“I got this,” Steve shouted over the sound of the HYDRA artillery guns the Howling Commandos had been tasked with eliminating. He stomped on the shield so hard it flipped up, straps flying, and smashed into his face, leaving the guys — and Bucky — laughing too hard to even think about the fight ahead.
The dog snorted and sneezed, and the way it barked sounded almost like a string of curses that would’ve gotten Steve’s mouth washed out with soap, back in the hazy days when his mom had still been alive.
Hell, it sounded exactly like that.
And just as Steve had done seventy-plus years ago, the dog kicked at the shield, sending it skittering over nearby tree roots. Then it jerked up its foot, wobbling on three legs, and doggie-swore some more, tucking its hurt paw close to its chest.
This isn’t possible, Bucky thought, staring at the dog. A dog had no business kicking a shield — or anything, considering how its feet were jointed — but this... this was no dog.
Feeling like an idiot, Steve turned back to Bucky and nodded even though it made his ears flop in a way that was distressing, to say the least. His nose hurt as if he’d broken it, but there was nothing he could do about it. He’d actually licked it before he stopped himself — something he wasn’t going to do again, because ew.
Bucky dropped to his knees next to Steve, head ducked so they were eye-to-eye. He looked sallow, even a little unhealthy, but his eyes were still the same brilliant, beautiful blue. Steve leaned forward, only to overbalance and crash against him.
Strong arms came up, circling Steve’s unfamiliar body. A thousand scents engulfed Steve’s overactive nose, and he closed his eyes to better concentrate on having Bucky here with him. Bucky was safe and alive and here.
Being a dog was a small price to pay. Hell, Steve would stay a dog if it meant he could keep Bucky at his side.
“What the hell, Steve?” Bucky asked, keeping Steve steady.
Steve sighed. As if he could answer in any way Bucky would understand? He couldn’t even hold a pen in his paw — assuming he hadn’t broken anything when he’d kicked the damn shield. Just thinking about his paw made the ache ten times worse, and a quiet whimper escaped, despite his effort to be stoic about the whole fur-thing.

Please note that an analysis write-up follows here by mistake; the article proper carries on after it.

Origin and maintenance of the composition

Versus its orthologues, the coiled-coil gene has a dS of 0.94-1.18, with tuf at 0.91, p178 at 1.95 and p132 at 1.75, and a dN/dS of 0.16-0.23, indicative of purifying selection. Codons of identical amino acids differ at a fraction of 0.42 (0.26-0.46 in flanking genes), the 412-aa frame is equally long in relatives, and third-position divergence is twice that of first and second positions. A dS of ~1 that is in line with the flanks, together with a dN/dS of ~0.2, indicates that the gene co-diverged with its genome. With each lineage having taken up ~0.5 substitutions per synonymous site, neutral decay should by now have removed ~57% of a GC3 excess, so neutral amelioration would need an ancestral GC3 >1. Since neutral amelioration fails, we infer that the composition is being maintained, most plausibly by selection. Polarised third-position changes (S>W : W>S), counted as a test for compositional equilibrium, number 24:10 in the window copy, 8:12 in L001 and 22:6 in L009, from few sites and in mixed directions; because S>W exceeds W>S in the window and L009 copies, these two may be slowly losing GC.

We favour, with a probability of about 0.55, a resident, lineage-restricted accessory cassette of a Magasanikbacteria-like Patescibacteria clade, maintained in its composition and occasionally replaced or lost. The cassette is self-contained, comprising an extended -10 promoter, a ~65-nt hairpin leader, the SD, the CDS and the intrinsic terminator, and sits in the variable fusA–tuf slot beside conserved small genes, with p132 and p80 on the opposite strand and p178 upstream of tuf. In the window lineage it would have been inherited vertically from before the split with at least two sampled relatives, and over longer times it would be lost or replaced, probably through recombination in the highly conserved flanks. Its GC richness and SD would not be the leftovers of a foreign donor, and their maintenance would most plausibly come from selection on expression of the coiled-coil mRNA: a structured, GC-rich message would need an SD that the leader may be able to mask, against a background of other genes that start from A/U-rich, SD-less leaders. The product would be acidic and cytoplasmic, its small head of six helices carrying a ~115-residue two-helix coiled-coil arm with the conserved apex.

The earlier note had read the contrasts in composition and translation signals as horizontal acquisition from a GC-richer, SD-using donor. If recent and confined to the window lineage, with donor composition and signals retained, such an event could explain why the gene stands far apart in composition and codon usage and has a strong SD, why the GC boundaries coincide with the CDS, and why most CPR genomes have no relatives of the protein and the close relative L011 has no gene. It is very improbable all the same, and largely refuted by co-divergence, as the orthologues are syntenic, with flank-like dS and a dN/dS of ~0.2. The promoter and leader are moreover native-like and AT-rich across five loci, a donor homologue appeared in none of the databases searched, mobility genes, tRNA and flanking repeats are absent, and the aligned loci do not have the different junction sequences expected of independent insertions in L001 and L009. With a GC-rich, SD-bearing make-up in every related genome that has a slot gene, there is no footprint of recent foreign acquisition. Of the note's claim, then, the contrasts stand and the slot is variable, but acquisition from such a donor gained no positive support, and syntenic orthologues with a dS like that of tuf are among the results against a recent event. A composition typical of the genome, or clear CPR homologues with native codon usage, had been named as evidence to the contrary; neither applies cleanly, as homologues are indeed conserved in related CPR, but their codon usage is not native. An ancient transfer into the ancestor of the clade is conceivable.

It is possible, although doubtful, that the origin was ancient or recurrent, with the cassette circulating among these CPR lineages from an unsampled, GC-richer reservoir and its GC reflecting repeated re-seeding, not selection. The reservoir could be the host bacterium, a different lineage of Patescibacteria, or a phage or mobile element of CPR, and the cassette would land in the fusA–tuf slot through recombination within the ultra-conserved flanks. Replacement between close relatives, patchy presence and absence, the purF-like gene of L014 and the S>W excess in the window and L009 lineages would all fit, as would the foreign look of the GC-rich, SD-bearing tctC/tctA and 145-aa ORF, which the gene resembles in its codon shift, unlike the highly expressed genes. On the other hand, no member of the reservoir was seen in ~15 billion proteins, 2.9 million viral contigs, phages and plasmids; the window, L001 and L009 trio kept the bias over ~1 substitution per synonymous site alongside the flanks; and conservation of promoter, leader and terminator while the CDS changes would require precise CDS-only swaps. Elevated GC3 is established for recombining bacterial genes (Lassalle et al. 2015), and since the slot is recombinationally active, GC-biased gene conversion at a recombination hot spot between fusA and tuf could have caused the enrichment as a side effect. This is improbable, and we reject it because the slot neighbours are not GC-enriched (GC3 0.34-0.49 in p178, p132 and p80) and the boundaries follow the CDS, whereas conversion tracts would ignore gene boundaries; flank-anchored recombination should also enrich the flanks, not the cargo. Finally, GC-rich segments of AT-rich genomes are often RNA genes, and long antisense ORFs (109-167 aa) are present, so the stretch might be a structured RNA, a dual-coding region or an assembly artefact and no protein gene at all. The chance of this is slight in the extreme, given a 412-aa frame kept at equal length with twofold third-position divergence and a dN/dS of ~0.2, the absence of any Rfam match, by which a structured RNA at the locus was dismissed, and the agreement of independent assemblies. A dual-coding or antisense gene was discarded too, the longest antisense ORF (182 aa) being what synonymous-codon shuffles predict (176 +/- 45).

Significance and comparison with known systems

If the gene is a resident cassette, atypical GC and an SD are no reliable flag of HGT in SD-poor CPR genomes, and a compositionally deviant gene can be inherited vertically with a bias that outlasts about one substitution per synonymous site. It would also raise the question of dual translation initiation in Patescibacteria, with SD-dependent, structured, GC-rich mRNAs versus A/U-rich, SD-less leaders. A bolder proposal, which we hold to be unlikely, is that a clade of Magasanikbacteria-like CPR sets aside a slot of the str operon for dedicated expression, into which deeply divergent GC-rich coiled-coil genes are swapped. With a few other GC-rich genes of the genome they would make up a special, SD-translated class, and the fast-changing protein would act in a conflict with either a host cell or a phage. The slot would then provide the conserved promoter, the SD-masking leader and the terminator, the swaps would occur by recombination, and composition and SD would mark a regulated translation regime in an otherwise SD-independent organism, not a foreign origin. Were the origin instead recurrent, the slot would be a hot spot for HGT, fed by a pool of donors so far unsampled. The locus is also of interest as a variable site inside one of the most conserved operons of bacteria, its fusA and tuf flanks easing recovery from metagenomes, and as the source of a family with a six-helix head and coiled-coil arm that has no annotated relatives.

“Idiot.” Bucky’s exasperated sigh stripped away seventy-plus years, and Steve had to close his eyes before he found out the hard way whether or not dogs could cry. Gentle hands moved from his sides to his aching paw, pressing gently, feeling along the bones. A twinge of pain made Steve flinch, but apparently Project Rebirth’s effects were still active. If there was a bruise under that fur, it was healing.
Unable to express his gratitude through speech, Steve touched his nose to Bucky’s face. Bucky flinched, giving a nervous little laugh, and Steve remembered his nose was wet and cold.
He opened his mouth in a doggie-grin, then poked his nose against Bucky’s cheek again. Bucky’s laugh — real and genuine and just like the old days — was a better reward than anything Steve could imagine.
“Stop!” Bucky twisted a shoulder, playfully blocking. He rubbed at Steve’s paw for another second, then let go.
Steve laughed — or tried to, anyway. It came out like a series of short, huffed barks, but Bucky seemed to understand, judging by his grin. Steve nosed at Bucky’s face again, and some mad canine instinct made him lash out with his tongue, licking from Bucky’s jaw to his cheekbone.
That got him a hug in return, tight enough to choke off his breath, but he couldn’t pull away. He surged forward instead, climbing onto Bucky’s lap, getting his front paws over Bucky’s shoulders